Day School, Weekly Stay & Study School,
and Private-Distance Learning
Our belief is being well-educated is more than being prepared for entering the workforce or college. We teach our students to ‘learn how to learn,’ pursue their dreams, and become successful adults who are adept at solving problems. However, our core mission is to craft the next generation of statesmen and women. We weave this thread into all our programs, including:
K-12 Day School
4-Day-a-Week Stay & Study School
Two-Week Full Immersion Wilderness Camps - For Teens
A Brighter Future Through Education
What Makes Our School So Unique?
First, we limit our classes to seven students per mentor and twenty-eight total school enrollment. This enables our instructors to have an enormous amount of time for each student. Our day-school “classrooms" structure is more like what you would expect to see in a graduate school than a standard K-12 setting. Students of mixed ages study in small discussion groups as well as in larger teams for special projects. They work one-on-one with their mentor or individually – wherever they feel most comfortable and productive.
In addition, for the convenience of regional families who do not live within close driving distance, our school offers a year-round stay-and-study-school option four days a week, Sundays through Wednesdays, for students age 9 and above.
Intense, non-traditional and focused, our teaching approach is balanced with unstructured, unguided free time so that students have the opportunity to play, explore, or pursue other interests such as music, art, or athletics.
How Do We Create a Curriculum That’s Unique to Your Child?
Our number one core belief is when a student is passionate about what they are learning the outcome is going to be good. With this in mind, we start the process by spending time with your child and getting to know them – discovering their aptitudes, their goals and interests, as well as their personal learning styles. After reviewing this information, we custom-tailor a curriculum and lesson plans that build upon their strengths and shore up their weaknesses – while aggressively engaging their interests.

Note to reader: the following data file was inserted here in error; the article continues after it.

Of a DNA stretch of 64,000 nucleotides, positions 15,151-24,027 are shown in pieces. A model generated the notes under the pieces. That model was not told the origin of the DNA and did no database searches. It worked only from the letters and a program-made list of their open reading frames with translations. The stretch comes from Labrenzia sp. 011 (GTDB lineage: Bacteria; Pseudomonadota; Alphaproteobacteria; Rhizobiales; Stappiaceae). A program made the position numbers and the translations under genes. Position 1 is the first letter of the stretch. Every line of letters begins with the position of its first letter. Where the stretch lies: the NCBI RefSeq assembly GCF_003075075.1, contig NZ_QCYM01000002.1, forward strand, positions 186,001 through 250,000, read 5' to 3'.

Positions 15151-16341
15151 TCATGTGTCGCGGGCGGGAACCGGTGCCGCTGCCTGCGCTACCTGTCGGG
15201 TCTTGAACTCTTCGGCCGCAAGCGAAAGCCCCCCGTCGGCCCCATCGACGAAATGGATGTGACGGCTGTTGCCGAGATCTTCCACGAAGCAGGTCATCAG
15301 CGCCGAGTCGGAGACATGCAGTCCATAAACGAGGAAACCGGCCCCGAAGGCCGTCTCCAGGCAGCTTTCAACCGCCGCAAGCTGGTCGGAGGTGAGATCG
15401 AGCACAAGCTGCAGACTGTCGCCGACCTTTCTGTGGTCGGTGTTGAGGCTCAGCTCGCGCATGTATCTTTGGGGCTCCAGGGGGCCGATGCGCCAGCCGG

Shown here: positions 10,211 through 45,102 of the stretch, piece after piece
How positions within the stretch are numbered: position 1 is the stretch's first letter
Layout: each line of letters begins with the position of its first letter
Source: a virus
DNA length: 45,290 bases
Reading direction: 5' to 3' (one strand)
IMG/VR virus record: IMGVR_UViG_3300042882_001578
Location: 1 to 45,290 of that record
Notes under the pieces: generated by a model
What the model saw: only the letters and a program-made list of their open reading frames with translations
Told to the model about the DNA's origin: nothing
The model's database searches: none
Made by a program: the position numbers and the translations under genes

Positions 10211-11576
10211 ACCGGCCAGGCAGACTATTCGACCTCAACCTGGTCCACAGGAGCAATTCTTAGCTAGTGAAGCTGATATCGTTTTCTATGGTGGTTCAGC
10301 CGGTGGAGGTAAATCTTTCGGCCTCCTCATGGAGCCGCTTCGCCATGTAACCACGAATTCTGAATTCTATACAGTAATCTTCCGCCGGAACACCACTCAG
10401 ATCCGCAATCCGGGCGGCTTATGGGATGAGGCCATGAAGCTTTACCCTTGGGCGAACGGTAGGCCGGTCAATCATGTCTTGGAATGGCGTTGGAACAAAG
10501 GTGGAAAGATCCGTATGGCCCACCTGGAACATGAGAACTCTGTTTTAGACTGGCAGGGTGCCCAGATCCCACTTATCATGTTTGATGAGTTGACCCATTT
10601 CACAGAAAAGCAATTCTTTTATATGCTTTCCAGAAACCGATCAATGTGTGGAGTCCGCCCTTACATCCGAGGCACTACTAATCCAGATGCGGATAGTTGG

Each child’s curriculum is fluid but has a well-defined structure for each day, week, and trimester. Students are coached by their mentor on how to create short- and mid-range goals that will help measure the progress toward their long-term goals. Written tests are typically not used at the end of a course of study. Rather, a student must demonstrate sufficient mastery of the skills they’ve learned while working with their mentor. Testing tools are only used if a student has a goal that requires them, such as professional certifications or college placement.
How do we Motivate Kids?
Many parents are confused by their child’s lack of motivation to study a particular subject, and we believe this is largely due to a failure of showing the student how the subject is relevant to their life. Our solution is simple, but effective.
We motivate students by connecting their passions and interests to the fundamental skills of grammar, math, science, history, language, and logic.
For example, if a child has a love of animals, they can practice their math and science skills by spending time with a mentor on a working ranch. If a student has an interest in writing or history, he or she might spend a day with an Elder storyteller of the Hopi Nation. There are endless ways to match a child’s interests with engaging modes of study.
How Do We Foster Good Habits?
The children who made up the ‘Greatest Generation’, as well as earlier generations, were expected to follow daily routines. They learned good habits by spending a lot of time working with their parents and elders – a style of learning that is largely gone. The truth is that successful people throughout history were known for their strong work habits. Their ability to manage time and to structure their days in pursuit of their dreams. We have spent years researching the habits of high-achieving people, and we apply these ‘best practices’ into the education of our students.
The most basic routines for children include daily chores. For example, younger children will need to make up their bed, get themselves dressed, feed and water animals, and make their own lunch. In the evening they may clean and put away dishes after dinner and organize their backpack for the next day.